Giant panda Mei Xiang has given birth to a pair of cubs at the Smithsonian's National Zoo in Washington.
Watch this short news clip and answer the questions below. The activity is suitable for Intermediate 1 and Intermdiate 2 students.
1 What time was the first cub born?
2 And the second one?
3 Where was one cub placed after the birth of the second panda?
4 What happened in 2005 and 2013?
5 What are the names of the new-borns?
6 How many giant pandas live in the wild?
Double the panda cuteness. Giant panda Mei Xiang has given birth to a pair of cubs at the Smithsonian's National Zoo in Washington.
Mei gave birth to (1) her first cub at 5:34 p.m. after her waters broke about an hour beforehand. And about four and one-half hours later, (2) at 10:07 p.m., a second cub arrived and both appear to be healthy.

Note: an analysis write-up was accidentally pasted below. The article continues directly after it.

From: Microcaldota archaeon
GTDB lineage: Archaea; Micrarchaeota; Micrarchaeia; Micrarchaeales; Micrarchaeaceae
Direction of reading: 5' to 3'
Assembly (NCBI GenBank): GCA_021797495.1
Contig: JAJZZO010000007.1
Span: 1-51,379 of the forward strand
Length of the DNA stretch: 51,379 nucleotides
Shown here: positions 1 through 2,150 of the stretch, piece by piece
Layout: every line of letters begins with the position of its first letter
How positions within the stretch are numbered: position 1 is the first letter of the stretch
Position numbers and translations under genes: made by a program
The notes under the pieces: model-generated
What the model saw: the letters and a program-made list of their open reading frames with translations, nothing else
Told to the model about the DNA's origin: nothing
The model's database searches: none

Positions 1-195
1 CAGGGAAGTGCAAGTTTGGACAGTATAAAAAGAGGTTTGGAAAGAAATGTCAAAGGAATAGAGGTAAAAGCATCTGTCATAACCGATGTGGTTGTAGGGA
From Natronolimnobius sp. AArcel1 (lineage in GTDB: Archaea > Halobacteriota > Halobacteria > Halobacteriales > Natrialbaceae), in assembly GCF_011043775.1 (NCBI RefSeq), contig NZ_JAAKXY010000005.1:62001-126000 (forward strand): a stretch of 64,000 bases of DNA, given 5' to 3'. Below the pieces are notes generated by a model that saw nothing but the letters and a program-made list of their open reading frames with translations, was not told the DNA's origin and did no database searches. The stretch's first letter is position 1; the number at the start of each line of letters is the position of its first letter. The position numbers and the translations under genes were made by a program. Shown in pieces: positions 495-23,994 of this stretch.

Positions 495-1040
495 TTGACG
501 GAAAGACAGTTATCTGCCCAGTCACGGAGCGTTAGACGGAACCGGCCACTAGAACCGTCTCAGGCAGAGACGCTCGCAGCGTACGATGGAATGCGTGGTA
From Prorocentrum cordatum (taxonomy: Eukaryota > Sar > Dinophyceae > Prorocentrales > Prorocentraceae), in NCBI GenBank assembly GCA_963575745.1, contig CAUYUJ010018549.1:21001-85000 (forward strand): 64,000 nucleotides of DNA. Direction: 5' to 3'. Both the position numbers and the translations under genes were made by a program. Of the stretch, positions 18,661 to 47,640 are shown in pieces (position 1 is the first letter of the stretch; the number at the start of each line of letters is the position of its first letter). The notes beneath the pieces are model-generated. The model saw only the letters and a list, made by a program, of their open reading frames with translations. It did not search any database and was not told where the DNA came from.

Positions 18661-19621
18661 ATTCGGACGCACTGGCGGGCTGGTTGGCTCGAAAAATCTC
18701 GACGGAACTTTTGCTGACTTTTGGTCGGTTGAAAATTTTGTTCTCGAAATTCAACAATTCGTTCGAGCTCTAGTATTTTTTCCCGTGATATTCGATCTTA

Zoo officials said Mei picked up the cub soon after giving birth and is being "a great mother". After the second surprise birth, one cub was placed (3) in an incubator in line with protocol when twins are born.
(4) Mei has previously given birth to two surviving cubs: Tai Shan in 2005 and Bao Bao in 2013. She was artificially inseminated with frozen sperm from a panda in China, and fresh sperm from the National Zoo's male panda. The gender of the cubs and which of the sperm donors is the father will be determined later. (5) No decision has yet been made yet about naming the cubs.
With a very low reproductive rate, particularly in captivity, panda's natural home is in a few mountain ranges in central China. There are (6) around 1,600 giant pandas known to be living in the wild and some 300 in captivity, mostly in China.